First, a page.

We're reaching into the archives for today's #BenInNature update presented by our friends at ...

We're reaching into the archives for today's #BenInNature update presented by our friends at ...

We're reaching into the archives for today's #BenInNature update presented by our friends at Carter Bank & Trust! The following post was originally published on July 4, 2020.

There's a good chance that a lot of folks out there are going to spend today gathering with (a hopefully very small and safely-distanced group of) friends, grilling some delicious meats, shooting off fireworks, and maybe even taking a dip in a pool. And if you do that last one, you might encounter today's highlight, the horse-fly!

This particular horse-fly is Tabanus fulvulus. Horse-flies have been recognized in literature since the Ancient Greek playwright Aeschylus wrote that they drove people to madness. Mankind's opinion of the horse-fly has not much improved in the intervening 2,500-odd years.

Horse-flies are found all over the world, and some species are actually important pollinators. Both males and females feed on nectar. The females of most species of horse-fly, however, also feed on blood (the males don't). Most female horse-flies are anautogenous, which means that they need to consume blood in order for their eggs to mature.

If you've ever been bitten by a horsefly, you'll know that it's not like being bitten by a mosquito; it hurts! This is because horse-flies generally feed on large animals that have no ability to dislodge the fly, so they haven't needed to evolve the same painless approach that mosquitoes use. The mouthparts of female horse-flies have six stylets (cutting probes) that they use to make the initial cut, then they lap up the blood with a spongy labium -- sort of the fly equivalent of a lower lip.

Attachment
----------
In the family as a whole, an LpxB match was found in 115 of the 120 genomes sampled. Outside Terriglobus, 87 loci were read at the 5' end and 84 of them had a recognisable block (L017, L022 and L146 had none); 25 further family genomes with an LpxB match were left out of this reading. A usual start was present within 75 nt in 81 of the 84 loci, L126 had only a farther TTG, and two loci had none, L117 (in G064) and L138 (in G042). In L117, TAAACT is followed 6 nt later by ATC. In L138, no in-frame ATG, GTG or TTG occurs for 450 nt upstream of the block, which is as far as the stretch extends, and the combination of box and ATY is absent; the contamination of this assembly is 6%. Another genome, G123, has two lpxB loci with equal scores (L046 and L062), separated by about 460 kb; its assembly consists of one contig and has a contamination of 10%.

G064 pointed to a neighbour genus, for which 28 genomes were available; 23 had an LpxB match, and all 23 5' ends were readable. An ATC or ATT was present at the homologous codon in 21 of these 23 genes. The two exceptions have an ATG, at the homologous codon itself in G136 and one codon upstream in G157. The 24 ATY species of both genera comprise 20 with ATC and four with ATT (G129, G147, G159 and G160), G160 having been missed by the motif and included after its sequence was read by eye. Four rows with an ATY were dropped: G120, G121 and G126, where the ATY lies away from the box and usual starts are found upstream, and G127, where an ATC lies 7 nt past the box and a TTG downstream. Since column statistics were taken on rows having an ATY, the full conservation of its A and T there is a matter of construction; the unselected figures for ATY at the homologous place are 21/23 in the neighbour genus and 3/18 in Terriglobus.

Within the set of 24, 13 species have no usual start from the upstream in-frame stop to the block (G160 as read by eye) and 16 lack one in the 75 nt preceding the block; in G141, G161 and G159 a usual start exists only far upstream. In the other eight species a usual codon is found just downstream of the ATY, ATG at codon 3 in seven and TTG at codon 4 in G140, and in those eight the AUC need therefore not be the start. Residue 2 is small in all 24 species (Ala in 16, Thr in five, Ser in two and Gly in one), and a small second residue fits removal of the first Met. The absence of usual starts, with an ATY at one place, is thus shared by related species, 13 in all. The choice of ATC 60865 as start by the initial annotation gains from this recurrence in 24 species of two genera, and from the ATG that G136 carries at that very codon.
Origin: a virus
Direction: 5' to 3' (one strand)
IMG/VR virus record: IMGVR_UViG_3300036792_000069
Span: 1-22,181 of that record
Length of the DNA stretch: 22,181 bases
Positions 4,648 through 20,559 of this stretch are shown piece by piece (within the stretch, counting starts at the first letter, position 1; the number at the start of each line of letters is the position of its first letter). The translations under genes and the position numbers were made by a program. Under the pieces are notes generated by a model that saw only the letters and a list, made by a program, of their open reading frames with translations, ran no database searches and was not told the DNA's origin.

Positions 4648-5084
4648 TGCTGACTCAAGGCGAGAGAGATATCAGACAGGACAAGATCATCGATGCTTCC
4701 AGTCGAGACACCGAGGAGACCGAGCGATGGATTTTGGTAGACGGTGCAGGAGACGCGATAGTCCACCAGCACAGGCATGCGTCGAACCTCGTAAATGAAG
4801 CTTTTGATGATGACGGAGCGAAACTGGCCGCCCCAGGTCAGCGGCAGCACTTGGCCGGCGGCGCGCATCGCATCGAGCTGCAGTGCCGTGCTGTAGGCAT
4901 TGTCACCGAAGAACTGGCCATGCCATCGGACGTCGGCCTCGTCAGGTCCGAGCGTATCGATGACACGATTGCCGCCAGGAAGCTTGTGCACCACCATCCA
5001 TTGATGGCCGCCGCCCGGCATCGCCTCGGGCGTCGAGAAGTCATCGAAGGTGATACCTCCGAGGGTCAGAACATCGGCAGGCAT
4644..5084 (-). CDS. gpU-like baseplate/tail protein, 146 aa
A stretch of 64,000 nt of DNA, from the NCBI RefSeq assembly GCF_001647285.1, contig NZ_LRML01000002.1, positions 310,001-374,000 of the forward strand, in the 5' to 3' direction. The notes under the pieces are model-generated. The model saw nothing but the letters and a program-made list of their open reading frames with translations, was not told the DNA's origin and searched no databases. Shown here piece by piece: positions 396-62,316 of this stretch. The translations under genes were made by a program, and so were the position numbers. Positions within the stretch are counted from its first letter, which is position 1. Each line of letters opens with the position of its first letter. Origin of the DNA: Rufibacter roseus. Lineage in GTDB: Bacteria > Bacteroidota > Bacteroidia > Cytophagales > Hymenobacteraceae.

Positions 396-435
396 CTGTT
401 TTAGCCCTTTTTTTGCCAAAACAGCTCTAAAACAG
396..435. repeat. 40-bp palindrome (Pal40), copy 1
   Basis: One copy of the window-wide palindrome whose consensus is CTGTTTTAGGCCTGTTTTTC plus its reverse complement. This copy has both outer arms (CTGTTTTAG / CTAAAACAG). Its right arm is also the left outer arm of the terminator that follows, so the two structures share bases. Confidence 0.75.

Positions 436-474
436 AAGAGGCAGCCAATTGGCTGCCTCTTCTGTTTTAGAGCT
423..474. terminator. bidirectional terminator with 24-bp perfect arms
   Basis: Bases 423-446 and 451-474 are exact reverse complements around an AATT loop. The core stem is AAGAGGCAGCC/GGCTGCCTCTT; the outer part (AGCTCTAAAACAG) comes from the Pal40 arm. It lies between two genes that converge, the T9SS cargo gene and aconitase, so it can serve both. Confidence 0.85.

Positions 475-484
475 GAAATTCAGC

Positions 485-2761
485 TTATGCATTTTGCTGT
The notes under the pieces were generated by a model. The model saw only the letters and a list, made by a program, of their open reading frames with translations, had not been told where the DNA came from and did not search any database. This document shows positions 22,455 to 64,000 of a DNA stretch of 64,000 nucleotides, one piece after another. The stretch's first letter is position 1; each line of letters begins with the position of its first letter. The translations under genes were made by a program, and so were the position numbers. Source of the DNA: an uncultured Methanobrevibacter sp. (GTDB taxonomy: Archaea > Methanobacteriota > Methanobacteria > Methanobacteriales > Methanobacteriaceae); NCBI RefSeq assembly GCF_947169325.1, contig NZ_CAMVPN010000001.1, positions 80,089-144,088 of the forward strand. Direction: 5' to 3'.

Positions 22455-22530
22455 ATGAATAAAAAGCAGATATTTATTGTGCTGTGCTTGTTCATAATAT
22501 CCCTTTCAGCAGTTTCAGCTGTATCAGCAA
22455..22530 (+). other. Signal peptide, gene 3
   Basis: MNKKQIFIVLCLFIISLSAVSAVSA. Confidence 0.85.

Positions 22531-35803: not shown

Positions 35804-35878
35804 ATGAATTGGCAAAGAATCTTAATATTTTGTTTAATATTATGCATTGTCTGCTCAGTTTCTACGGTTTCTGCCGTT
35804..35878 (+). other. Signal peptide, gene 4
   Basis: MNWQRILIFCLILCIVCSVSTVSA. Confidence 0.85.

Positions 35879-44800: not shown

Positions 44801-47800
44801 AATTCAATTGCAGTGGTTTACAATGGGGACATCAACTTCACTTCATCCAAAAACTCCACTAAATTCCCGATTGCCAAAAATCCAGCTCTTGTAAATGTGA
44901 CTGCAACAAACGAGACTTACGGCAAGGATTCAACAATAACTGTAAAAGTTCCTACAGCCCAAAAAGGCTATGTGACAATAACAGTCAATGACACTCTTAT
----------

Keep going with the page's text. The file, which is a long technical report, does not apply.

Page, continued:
You might notice that horse-flies seem to be a big nuisance at swimming pools. This is because they're attracted to the reflections of water. If you're having problems with horse-flies, try moving to a shady area. They're also inactive at night.

ABOUT #BenInNature
Social distancing can be difficult, but it presents a great opportunity to become reacquainted with nature. In this series of posts, Administrator of Science Ben Williams ventures outdoors to record a snapshot of the unique sights that can be found in the natural world. New updates are posted Monday - Friday, with previous posts highlighted on the weekends. This series of posts is made possible thanks to the support of VMNH Corporate Partner Carter Bank & Trust (www.cbtcares.com).

If you discover something in nature that you would like help identifying, be sure to message us right here on Facebook with a picture (please include location and date of picture) and we'll have our experts help you identify it!

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